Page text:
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P8.052 Long-term outcomes and predictors of graft function in living-donor preemptive kidney transplants.

Lúcio Requião-Moura, Brazil

Nephrology division
Universidade Federal de São Paulo


Long-term outcomes and predictors of graft function in living-donor preemptive kidney transplants

Bruna C Beraldo1, Lúcio Requião-Moura1,2, Melissa G Tavares2, Renato D Foresto1,2, Helio Tedesco-Silva1,2, José Medina-Pestana1,2.

1Nephrology Division, Universidade Federal de São Paulo, São Paulo, Brazil; 2Hospital do Rim, Fundação Oswaldo Ramos, São Paulo, Brazil

Background: Beyond the new strategies for dialysis treatment, kidney transplantation has already been associated with better outcomes for patients with advanced kidney chronic disease (CKD), and a preemptive kidney transplant seems to be the preferred option for those patients. Thus, this study purposed to evaluate predictors of long-term graft function and unfavorable outcomes in living-donor preemptive kidney transplant recipients.

Methods: Single-center cohort study enrolled 222 living-donor preemptive kidney transplant recipients transplanted between 2011 and 2016 and followed up to 2021. Five-year graft function was estimated by CKD-Epi (5-year-eGFR). The primary outcome was composed of death, graft loss, acute rejection, and 5-year-eGFR < 30 mL/min/1.73m2. The multivariable analysis for 5-year-eGFR was performed by linear regression and logistic regression for the primary outcome.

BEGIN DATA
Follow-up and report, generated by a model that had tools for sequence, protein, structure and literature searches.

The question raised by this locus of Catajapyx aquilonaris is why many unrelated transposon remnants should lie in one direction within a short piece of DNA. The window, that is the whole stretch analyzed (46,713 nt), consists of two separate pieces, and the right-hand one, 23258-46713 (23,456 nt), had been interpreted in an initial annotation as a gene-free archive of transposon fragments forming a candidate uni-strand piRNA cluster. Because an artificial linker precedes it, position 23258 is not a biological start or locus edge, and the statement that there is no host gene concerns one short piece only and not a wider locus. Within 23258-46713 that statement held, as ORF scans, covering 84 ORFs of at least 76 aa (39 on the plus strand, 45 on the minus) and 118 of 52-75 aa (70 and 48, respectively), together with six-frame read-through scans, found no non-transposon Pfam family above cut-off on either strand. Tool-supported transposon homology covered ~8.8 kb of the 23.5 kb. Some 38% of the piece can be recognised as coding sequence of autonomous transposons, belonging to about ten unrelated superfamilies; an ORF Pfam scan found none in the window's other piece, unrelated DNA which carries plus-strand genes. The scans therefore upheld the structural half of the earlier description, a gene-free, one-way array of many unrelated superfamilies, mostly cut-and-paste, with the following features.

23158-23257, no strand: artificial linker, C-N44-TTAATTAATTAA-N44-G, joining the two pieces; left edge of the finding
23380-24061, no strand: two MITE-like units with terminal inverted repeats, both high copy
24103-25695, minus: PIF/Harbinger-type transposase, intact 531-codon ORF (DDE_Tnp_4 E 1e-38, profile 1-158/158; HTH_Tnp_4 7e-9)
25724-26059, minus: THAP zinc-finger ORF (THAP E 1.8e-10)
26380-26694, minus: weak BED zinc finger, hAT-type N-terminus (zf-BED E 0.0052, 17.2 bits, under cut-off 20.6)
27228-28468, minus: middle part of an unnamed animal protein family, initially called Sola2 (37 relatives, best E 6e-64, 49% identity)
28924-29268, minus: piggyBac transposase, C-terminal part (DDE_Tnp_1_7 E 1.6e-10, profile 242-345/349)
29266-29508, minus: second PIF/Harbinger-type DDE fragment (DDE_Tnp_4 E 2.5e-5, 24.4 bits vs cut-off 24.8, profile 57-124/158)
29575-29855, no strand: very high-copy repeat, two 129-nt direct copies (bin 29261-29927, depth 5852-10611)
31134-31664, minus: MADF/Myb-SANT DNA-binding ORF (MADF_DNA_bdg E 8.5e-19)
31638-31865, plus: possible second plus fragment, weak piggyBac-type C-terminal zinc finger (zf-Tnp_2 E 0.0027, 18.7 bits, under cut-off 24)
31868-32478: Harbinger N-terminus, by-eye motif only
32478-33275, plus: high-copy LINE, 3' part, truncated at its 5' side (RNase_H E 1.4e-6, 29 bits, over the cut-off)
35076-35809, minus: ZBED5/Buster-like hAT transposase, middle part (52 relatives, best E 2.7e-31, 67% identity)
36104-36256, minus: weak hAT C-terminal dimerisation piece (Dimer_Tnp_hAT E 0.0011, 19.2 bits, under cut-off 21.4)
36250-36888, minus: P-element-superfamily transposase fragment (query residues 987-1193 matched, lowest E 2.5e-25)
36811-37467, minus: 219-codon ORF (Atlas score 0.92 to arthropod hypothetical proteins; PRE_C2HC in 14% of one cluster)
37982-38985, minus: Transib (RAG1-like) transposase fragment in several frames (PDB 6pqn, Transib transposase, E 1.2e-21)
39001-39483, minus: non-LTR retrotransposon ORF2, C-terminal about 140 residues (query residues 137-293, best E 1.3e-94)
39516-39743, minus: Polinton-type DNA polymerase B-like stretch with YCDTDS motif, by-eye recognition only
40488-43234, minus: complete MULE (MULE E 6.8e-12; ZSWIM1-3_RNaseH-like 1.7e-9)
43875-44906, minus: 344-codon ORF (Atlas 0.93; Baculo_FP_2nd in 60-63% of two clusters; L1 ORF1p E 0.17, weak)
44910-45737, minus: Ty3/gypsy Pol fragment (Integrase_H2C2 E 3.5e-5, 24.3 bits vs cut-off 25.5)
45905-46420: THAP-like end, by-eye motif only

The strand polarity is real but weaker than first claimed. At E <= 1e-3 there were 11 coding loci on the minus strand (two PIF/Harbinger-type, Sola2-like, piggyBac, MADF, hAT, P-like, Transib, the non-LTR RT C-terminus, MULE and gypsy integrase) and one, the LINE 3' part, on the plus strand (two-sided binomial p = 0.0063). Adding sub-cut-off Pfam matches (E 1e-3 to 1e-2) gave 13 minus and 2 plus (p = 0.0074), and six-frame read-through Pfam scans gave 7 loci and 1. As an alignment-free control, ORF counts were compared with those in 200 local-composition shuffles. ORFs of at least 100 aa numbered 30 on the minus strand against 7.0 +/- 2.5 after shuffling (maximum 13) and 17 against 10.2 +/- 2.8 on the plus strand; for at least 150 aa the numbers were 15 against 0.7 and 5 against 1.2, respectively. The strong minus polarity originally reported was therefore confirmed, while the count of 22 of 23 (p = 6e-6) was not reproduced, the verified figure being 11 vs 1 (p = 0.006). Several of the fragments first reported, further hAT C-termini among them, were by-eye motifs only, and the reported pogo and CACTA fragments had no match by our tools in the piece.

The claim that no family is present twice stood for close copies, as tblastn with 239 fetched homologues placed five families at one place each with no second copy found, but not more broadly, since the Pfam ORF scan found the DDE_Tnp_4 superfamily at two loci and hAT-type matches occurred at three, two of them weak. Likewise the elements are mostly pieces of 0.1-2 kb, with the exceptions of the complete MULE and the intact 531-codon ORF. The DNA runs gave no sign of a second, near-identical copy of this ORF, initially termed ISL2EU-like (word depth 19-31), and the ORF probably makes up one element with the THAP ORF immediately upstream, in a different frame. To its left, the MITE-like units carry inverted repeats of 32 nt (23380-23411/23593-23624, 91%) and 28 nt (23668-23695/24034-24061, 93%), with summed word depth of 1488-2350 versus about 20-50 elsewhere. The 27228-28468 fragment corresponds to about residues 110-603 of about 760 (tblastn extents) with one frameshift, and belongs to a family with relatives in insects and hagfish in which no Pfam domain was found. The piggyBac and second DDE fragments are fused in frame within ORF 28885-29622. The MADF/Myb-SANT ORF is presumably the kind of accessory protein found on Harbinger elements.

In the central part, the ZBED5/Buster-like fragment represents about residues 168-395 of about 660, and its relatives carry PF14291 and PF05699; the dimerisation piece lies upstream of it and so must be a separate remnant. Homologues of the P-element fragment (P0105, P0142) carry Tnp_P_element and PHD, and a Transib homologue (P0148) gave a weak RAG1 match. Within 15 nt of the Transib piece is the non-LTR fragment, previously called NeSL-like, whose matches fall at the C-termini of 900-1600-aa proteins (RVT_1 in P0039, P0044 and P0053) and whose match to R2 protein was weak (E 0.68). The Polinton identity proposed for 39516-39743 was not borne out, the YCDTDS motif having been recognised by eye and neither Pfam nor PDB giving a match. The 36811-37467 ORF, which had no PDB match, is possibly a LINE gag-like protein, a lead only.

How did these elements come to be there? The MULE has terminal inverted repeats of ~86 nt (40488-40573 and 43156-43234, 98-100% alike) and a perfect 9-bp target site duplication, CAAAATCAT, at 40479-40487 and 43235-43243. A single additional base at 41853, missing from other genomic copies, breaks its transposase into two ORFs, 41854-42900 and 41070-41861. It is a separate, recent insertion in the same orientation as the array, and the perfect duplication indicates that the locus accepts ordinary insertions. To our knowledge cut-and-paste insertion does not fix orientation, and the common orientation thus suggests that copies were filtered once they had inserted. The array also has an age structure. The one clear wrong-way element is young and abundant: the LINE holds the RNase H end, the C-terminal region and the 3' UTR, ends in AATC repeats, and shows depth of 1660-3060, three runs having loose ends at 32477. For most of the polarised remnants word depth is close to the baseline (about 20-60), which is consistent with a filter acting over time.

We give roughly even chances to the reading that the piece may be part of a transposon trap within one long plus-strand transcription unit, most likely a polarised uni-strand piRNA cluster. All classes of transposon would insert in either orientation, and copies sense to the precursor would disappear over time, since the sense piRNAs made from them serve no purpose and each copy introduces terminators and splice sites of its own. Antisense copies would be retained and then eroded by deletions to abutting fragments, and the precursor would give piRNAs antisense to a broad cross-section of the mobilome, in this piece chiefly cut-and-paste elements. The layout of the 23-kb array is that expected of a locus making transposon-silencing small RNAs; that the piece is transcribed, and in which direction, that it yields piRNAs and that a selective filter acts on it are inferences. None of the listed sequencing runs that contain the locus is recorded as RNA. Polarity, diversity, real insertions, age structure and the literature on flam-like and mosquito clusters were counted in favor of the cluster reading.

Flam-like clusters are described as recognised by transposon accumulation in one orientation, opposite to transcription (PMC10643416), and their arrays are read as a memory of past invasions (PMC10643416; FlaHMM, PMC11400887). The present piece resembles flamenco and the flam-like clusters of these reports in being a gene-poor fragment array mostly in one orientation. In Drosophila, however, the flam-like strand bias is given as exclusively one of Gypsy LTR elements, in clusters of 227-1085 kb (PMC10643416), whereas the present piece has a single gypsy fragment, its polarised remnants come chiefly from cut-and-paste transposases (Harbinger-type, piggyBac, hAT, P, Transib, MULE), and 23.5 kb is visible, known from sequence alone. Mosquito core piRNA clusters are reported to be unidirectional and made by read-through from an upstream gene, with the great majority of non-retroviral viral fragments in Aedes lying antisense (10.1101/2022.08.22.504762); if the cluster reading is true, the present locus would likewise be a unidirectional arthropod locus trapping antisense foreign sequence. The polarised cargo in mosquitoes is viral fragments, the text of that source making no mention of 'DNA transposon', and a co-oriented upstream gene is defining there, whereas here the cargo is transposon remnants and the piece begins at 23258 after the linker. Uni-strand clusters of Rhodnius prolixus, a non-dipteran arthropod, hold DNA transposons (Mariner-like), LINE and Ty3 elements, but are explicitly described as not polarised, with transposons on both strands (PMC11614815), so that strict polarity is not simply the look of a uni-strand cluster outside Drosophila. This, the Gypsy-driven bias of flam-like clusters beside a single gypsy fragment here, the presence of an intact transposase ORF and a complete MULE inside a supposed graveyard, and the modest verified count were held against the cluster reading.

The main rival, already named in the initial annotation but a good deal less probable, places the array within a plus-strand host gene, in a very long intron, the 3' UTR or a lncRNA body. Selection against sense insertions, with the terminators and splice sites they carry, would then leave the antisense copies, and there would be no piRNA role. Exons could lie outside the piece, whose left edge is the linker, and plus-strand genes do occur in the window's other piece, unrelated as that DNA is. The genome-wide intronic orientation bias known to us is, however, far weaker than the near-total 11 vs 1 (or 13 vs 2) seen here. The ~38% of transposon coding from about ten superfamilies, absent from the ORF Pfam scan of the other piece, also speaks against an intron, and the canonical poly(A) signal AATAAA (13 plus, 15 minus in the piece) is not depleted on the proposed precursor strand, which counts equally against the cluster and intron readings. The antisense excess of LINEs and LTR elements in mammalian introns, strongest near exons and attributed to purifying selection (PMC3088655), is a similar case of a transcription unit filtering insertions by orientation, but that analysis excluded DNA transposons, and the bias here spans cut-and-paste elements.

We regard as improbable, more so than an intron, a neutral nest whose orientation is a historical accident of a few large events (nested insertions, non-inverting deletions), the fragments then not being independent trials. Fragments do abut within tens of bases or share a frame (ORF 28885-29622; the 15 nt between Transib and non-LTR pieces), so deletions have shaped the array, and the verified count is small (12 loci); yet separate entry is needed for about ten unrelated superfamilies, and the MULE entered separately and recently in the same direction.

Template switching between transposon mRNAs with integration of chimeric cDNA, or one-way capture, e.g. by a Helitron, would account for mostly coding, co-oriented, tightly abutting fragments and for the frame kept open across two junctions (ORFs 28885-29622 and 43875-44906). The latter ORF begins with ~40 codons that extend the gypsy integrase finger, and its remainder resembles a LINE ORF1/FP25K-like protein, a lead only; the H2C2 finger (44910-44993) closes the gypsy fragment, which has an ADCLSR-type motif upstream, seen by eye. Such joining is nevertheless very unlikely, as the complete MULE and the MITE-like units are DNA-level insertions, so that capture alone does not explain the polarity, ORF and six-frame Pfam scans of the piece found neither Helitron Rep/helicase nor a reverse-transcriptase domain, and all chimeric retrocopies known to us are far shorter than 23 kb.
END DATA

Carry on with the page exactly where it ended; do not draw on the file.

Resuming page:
Results: Recipients were 40 (31; 48) years old, 59.9% were male, and 35.1% had CKD due to chronic glomerulonephritis. Donors were 48.5 (41.0; 55.2) years old, being most frequently siblings (50%) or parents (28/8%). One-third of patients received ATG as an induction strategy (30.2%), followed by Tacrolimus + azathioprine (59.5%) or cyclosporin + azathioprine (14.4%) or tacrolimus + mycophenolate (11.3%) as the maintenance immunosuppression. The overall incidence of acute rejection, graft loss, and death was 20.3%, 6.3%, and 0.5%, respectively. The median follow-up time was 88.9 months, and the median 5-year-eGFR was 54.7 mL/min. Sixty-five patients presented the primary outcome (29.2%), significantly associated with the HLA compatibility, not using induction therapy and CMV-related event. Compared with identical HLA matches, the OR was 6.81 for haploidentical (P=0.001) and 11.2 for distinct (P<0.001) HLA matches. In addition, the probability for the primary outcome was reduced by 81% (OR= 0.19, p<0.001) for patients who received ATG as induction therapy and 4-fold higher in those who had CMV-related events (OR=4.09; p=0.001). In the linear regression, the association with 5-yr-eGFR was less evident with HLA matches and AR than donor age. Thus, the identical HLA (B= +6.04; p=0.09) match and AR (B=-6.34; p=0.07) tend to be associated with 5-year-eGFR in the linear regression, while donor age (B= -0,69 per year old; p<0.001) presented a significant and inverse association.

Conclusion: In recipients of living-donor preemptive kidney transplants, the HLA matches, thymoglobulin induction therapy, and CMV-related events were predictors of composite outcomes of long-term death, graft loss, acute rejection, and low grade of graft function. In addition, only donor age was independently associated with long-term graft function.

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